Sly Fiction

According to Kant, the transcendental structures – those common to all, but which dictate and constrain what is possible – are the species-specific a priori conditions legislating and limiting the frame of experience. On a political level, they can also be regarded as the structures that limit political action and the power to act. They are the structures that conspire on many levels (experience, intuition, language, thinking) toward a stiffening and impoverishment of the possible, toward the impossibility of recontextualizing certain strategies, and rethinking ideas about politics, aesthetics, and the human. In terms of language, an obvious example is the successful terminology of funding applications for emancipating projects, and even academic jargon, which leads toward a type of thinking, experience, and political action reduced to formulas and recipes written by the state, corporations, and the art system. Generally, political art uses a type of language that is no different from what is required by the applications to funds aimed at communitarian art with prefab messages. This language, as a well-polished and perfect glass through which one would allegedly gaze at reality undisturbed, rules out the vagueness of a stained and muddied glass of language 2.0, whose shards cut multiple perspectives and fragment and dizzy the view and the senses. A superior language would cut itself into a gore-speak that wastes all deadlines, and fails all funds. A language that commits such proliferating self-scissions that it ends up speaking, yelling, howling as no one in particular.

The Xenofeminist Manifesto is a difficult text, at times militant, almost cryptic, turning language inside out in poetic slaloms, philosophy and slang, coded and decoded, hacking hacktivism as thought bends into a topological craze, and senses radiate pessimist neuroscience in your brain. Reactionware, Bloatware, Software, Hardware, Wetware, Alienware. The language becomes a «ware,» its fiction a truth (»wahr« in German), and the symbols as well as that which eludes the symbolic and representation, a commodity that circulates (»ware«). Preempting the accusation of elitism, which is usually charged against any speculative text perturbing the map of the activist territory – and The Xenofeminist Manifesto is part of a larger current of rethinking the left by embracing alienation and acceleration, being associated with the strand called left accelerationism – I will explain a few reasons why the XF manifesto unintentionally perverts and deviates the very idea of manifesto through its at times cryptic language. In the experiment of speaking and writing, a text may bud out of its own genre, articulating itself as itself, camouflaged in its own style, as no one is camouflaged as someone.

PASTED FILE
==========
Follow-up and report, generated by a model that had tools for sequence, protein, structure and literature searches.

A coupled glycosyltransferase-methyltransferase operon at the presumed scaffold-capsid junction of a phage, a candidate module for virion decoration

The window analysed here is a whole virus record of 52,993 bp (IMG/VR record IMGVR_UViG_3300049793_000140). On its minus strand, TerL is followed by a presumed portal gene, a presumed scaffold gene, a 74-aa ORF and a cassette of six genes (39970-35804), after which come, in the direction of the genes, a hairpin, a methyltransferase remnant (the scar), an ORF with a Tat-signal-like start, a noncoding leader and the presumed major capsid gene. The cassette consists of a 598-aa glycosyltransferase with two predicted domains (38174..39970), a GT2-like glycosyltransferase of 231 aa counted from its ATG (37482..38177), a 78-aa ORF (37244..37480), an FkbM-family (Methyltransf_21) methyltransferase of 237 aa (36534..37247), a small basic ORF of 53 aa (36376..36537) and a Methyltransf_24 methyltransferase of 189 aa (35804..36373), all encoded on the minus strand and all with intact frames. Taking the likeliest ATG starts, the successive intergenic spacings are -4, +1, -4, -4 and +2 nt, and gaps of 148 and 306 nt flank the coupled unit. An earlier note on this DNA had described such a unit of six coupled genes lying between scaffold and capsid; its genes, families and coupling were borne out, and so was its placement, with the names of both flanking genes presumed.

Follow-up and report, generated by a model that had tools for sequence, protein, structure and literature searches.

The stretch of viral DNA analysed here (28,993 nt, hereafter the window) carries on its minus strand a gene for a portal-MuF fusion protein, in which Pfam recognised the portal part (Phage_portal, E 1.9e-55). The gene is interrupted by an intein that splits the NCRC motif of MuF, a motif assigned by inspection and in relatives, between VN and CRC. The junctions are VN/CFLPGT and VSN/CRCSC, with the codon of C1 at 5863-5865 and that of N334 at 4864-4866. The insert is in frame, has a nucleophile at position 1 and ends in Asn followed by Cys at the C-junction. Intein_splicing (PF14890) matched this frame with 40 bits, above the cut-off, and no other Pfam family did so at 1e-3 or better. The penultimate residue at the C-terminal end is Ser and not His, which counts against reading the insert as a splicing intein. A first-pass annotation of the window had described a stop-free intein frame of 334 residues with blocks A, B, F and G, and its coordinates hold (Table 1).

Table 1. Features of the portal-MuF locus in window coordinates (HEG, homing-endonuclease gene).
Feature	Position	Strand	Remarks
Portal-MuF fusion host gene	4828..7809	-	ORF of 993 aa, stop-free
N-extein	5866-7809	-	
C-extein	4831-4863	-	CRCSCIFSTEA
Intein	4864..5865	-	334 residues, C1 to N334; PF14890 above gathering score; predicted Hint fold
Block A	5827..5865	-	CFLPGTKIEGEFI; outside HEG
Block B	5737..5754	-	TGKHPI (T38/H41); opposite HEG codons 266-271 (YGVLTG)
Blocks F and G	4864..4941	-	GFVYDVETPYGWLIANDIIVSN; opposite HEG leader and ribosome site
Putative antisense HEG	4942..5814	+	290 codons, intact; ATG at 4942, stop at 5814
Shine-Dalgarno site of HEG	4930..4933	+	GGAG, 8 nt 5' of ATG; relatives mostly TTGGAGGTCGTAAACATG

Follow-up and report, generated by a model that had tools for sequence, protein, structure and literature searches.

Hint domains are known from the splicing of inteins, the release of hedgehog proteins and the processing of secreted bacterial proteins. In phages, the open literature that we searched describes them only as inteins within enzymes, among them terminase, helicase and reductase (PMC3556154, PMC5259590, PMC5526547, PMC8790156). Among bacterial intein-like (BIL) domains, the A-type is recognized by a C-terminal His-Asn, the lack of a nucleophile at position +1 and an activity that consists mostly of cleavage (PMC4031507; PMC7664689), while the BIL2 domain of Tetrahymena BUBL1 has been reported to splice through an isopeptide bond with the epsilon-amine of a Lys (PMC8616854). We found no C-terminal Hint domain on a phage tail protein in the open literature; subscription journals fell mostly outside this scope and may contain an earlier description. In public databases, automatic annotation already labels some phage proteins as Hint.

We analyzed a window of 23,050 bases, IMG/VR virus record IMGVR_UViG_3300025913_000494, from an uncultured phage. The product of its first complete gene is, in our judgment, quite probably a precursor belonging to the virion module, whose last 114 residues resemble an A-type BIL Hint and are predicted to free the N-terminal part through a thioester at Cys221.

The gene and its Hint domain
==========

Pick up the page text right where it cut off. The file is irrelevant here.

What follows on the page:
Disguised as a Manifesto

The etymology of the word »manifesto« (»festus« means to hit, or »strike«) reveals the epistemic violence of modernity, which prescribes a new world to replace the old one. Violence is done to human experience, so that the future manifested and unfolded by the manifesto can become palpable with one’s own prosthetic hand (»manus« means hand). The xenofeminist future is far from being palpable with human hands. The future handed in is not at hand at all, the »manus« is unmanned. Ideas of automatization and rejection of any natural and given character of nature are opposite to that of manned action. A xenofeminist manifesto fails to be a mani-festo, because the hand is being handled away by notions of »xeno« and »alien.« The hand alienates itself from the body, the writing alienates itself from the hand, language alienates itself from communication, the manifest alienates itself from itself, writing without hands, as itself, as no one.

If the xenofeminists align themselves with rationality and rationalism, and embrace the abstract, they embrace an epistemic violence, a violence unmanned. And if the abstract is a reduction or a cutting of nature into shreds – concepts – with the blade of thought, the xenofeminists embrace an internal mutilation, something that gives you headaches, makes you abandon the text, or gets on your nerves really hard. But this one is a productive mutilation and irritation that guards one against the greater mutilation and irritation of stiff thinking. The xenofeminist manifesto cannot be easy on thought, as it wants to untie the shackles of standard intuition one after the other, ring after ring, zero after zero (0, 00, 000, …). The density of its zeros that have lost the ones, the female auto-productive void, produces a »violence inside that protects us from the violence outside« (Patricia Reed). A xenofeminist manifesto can only be violent to itself, and ambiguous with genres. Speaking from such a broad curve or panopticon of subjectivities, it bends the line of perspectives into the ring of horizon, from which one can only speak as no one and of all.